New social platforms pop up faster than you can say “Periscope.” For brands, it can be dizzying. Do you jump on Snapchat because everyone’s doing it? Or do you sit on the sidelines and limit your social profile to Facebook?
For companies Shinola and Garrett Popcorn, the key is to be open-minded while keeping brand values in check. Both brands have historical ties: Shinola, a 4-year-old Detroit-based company that sells wristwatches, bicycles and journals, is named after the shoe wax founded in 1907 (and made famous by the WWII-era phrase about knowing “shit from Shinola”); Garrett Popcorn maintains the same packaging style it did when it was founded 65 years ago in Chicago.
But no matter how traditional a brand may be, keeping up with social media means staying relevant. At the Digiday Retail Summit, we asked Elly Deutch, associate director of digital and social media at Garrett, and Bridget Russo, CMO at Shinola, to tell us how they decide which new platforms to try. Both agreed that it’s important to test new things, but equally important to put muscle behind the platforms where they already have big followings — namely, on Facebook, Twitter and Instagram.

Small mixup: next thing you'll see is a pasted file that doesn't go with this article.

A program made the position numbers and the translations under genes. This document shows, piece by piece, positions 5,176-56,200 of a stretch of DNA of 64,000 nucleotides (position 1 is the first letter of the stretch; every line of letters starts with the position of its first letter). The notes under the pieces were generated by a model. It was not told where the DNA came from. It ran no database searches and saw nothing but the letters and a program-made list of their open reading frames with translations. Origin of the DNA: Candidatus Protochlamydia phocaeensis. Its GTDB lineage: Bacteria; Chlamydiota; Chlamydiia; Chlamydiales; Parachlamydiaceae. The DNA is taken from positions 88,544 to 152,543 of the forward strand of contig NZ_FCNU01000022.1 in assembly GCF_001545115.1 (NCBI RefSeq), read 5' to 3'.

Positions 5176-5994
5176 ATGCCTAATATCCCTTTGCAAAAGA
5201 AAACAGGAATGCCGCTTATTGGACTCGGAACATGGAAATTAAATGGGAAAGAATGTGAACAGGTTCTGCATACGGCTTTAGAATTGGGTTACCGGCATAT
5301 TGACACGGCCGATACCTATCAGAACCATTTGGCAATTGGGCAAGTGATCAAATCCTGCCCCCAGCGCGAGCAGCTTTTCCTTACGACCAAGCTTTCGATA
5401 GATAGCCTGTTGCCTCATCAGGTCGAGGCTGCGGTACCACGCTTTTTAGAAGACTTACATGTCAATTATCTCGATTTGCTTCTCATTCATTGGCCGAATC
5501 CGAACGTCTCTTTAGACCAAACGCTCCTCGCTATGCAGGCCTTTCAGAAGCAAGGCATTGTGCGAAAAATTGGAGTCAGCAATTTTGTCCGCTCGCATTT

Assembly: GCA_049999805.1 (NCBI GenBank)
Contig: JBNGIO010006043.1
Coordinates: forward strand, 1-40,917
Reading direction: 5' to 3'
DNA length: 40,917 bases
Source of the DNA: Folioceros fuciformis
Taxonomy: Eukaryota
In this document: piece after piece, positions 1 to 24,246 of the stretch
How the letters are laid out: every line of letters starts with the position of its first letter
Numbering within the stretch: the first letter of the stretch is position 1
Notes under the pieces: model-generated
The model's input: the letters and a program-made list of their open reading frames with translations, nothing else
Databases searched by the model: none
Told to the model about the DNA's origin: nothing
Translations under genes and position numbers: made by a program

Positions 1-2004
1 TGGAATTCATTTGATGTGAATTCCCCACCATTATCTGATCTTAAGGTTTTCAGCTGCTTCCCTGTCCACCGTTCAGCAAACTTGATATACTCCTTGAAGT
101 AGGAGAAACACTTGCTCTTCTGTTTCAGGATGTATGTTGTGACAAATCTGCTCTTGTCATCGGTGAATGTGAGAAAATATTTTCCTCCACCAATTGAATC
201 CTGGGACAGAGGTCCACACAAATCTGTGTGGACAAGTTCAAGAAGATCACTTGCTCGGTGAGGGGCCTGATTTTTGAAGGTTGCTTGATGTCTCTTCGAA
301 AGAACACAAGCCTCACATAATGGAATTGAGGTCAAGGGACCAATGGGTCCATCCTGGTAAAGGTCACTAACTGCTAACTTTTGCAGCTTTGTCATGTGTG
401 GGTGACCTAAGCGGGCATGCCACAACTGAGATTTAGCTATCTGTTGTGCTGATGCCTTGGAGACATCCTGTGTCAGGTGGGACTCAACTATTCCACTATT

“We look at what other gourmet brands are doing and think, does that fit in our brand, would that work with our demographic,” said Deutch. “But mostly we focus on where we already have a fan base.”
As for Russo and the Shinola brand, she made it clear that forcing the adoption of a new channel can weaken the brand’s story.
“We pick channels that we feel best represent the brand, and that we feel we have the capability to feed content through that channel,” said Russo. “For instance, we’re not on Tumblr because I don’t feel like we have exactly the right content yet to be on there.”
Watch the women talk new social platforms in the clip below.
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